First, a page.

I first start by building up a special wax onto a sculpting stick. The stick allows me to sculpt the piece without touching it, because the heat from your hand can destroy detail in the wax. This first idea is an Archer or Robin Hood idea. I really like the action and pose of the figure. The piece has delicate and open feel. Stands about one inch tall but when completed, there will be some shrinkage in the mold and casting so that has to be accounted for in the design. There is about two hours of sculpting time in the first rough-in.

The wax I use is a blend of a red jewelry wax I bought a long time ago from Swest (went out of business). I have enough of this wax to last me a couple of years, after that, I am not sure what I will use. There looks like something similar available at Rio Grande that I haven't tried yet. I like this wax because I can see the design well and it is a little softer so it takes some pushing without breaking. If you look at the rough-in, you will notice a purple color wax as well. This is an injection wax that I often use as skeleton to build upon. This purple wax is much softer than the red and allows me to work on the sculpture without it breaking every ten minutes. This is an old trick used by Sculptors who work in wax.

I build the wax up using a hot tool that is foot controlled. When I want heat, I press the foot pedal for a few moments. Controlling the temperature is critical to being a good Wax Sculptor. The right amount of heat allows the wax to flow.


For my next idea, I roughed-in this Mariner piece. I found a picture of an old bronze and just love the action and feel of the Mariner guiding the ship through a storm. Below you can see the picture and the wax master rough-in. Also notice, I used a thin wire as an armature for the ship's wheel. I will coat the wire with wax. The wire will give strength to the delicate wheel. The piece is about 7/8 inch tall.

Finally, this week, I roughed-in a long awaited Macaw bird. I say long awaited because collectors have been asking me for years to make a colorful Macaw. So this is the rough sculpture so far. Stands about 7/8" tall. I have two sculpting sessions into this piece, about three hours so far. You can begin to appreciate the immense amount of work sculpting these pieces in wax must be. Refining the details takes hundreds of hours of working on these delicate wax master sculptures.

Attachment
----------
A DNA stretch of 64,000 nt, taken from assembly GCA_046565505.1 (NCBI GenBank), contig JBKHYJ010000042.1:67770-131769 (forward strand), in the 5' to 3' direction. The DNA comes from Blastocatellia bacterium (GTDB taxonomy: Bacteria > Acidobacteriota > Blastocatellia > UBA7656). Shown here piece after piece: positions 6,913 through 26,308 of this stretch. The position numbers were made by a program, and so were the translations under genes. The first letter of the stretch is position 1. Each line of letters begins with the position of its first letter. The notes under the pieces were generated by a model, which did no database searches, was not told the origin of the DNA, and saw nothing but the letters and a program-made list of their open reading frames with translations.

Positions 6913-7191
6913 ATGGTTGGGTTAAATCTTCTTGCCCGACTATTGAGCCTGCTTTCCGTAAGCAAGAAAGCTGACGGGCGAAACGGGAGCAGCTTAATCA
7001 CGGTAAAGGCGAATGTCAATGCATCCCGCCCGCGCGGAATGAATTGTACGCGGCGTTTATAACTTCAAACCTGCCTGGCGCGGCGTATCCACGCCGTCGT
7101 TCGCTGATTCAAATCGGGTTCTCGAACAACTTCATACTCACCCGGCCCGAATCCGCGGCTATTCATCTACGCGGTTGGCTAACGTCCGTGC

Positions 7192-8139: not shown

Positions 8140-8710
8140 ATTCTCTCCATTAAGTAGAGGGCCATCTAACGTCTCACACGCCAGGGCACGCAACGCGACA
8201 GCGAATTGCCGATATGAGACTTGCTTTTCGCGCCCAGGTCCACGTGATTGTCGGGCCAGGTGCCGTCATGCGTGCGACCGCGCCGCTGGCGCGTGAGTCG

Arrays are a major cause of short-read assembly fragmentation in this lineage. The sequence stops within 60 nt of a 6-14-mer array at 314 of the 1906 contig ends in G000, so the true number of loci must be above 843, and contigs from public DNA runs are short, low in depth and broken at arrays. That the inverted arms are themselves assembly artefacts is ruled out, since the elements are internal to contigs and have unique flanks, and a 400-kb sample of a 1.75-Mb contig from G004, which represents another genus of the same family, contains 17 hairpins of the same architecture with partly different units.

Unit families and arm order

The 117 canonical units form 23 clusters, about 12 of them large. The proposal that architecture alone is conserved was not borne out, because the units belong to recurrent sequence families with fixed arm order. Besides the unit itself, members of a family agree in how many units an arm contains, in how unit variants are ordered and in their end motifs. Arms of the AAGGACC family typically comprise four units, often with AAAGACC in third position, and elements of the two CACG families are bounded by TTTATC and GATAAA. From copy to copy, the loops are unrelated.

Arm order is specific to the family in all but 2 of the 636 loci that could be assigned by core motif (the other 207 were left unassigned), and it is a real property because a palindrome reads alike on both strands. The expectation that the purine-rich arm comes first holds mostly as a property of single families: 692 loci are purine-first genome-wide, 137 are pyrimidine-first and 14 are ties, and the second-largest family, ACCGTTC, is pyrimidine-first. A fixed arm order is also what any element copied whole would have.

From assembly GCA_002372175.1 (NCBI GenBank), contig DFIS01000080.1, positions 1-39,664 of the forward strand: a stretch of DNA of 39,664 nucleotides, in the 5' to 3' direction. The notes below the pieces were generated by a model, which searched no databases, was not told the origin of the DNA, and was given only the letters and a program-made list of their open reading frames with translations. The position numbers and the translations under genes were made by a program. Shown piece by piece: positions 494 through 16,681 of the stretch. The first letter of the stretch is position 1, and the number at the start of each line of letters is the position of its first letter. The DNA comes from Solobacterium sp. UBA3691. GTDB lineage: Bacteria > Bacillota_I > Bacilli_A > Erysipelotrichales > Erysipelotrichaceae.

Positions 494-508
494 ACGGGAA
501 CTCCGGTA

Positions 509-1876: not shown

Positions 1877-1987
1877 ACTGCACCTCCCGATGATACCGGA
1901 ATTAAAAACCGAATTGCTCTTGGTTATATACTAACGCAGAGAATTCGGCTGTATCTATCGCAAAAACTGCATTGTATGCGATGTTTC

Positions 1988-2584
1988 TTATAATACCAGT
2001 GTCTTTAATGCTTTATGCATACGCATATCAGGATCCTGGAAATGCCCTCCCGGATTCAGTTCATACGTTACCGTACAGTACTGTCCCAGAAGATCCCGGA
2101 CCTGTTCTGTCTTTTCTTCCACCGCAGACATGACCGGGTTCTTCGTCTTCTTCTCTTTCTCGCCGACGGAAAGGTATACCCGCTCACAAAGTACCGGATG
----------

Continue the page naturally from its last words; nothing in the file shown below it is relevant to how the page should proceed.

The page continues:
More updates on these will follow on these sculptures. Stay tuned.

Also this week, I am casting in bronze. I just spent two weeks making molds and injecting about 400 wax patterns. This picture show the wax patterns mounted on the bases and ready to be invested.

Here are the invested flasks placed into the burn-out oven. There are about 65 flasks in here. After about 12 hours and hitting the high temperature of 1350 degrees, the flasks cool to 1000 degrees. I then take them out one at a time and cast them into bronze. This is a very long process and can take me up to 16 hours to complete this many. I hope these pictures help show the amount of work involved in this labor intense Lost Wax Casting Process. Stay tuned for more updates on how the cast came out.

Thanks for your interest. Please contact me if you have any questions.
Randall Zadar
Sculptor/Zadar Studios
Call the Studio: 440-878-1474

Friday, December 7, 2012

Ralphie Paint Test and more

Hello, The recent Christmas offer for these Ralphie Paint Test pieces went really fast. All the pieces are gone. However, you can still special order the mice pieces and the natural bronze version listed below.

Hope you have a great Holiday Season.


Rare List - Miniatures by Randall Zadar
Email the Studio:

Bronze Miniature

Have you ever wondered what Ralphie from The Christmas Story Movie would have looked like in a different color bunny costume? Now you can know. I went ahead and painted 11 different Paint Test versions of Ralphie for this Christmas Season. Do you need a unique miniature gift this year? Here is the perfect gift. These are all for sale on a first come, first serve basis and you must purchase from your dealer. Please respond to the studio by email only as that is my best way to keep track of who ordered first. Then let your dealer know. There is time to get one for Christmas. If you are interest, don't delay. Issue price is $85.00 each. Will be signed and marked "Paint Test" on the bottom. Ralphie is 7/8" tall, bronze-cast and hand-painted in oils.

Bronze Miniature


Last summer I designed and cast these two mice pieces, but after working on the colors for awhile, I was never really happy with the outcome. So I decided to not issue the pieces and melt the editions down. I actually put the pieces in the bronze pile to be melted down next cast. However, I did make some prototypes for the Chicago International Show last spring. Some collectors saw the pieces and asked for one, but I still didn't plan on making them. Recently I was asked again to make a small edition of special order pieces so I tried the coloration one last time. This time I am happy with the final look so I am going to make some for collectors who order them.

"Blast Off" is a miniature story scene featuring a mouse who just lit the fuse on a rocket and is waiting for it to take off. He is holding his ears because he knows it will be loud. "Ice Cream" tells the story of a girl mouse who is getting ready to eat her favorite mint ice cream cone.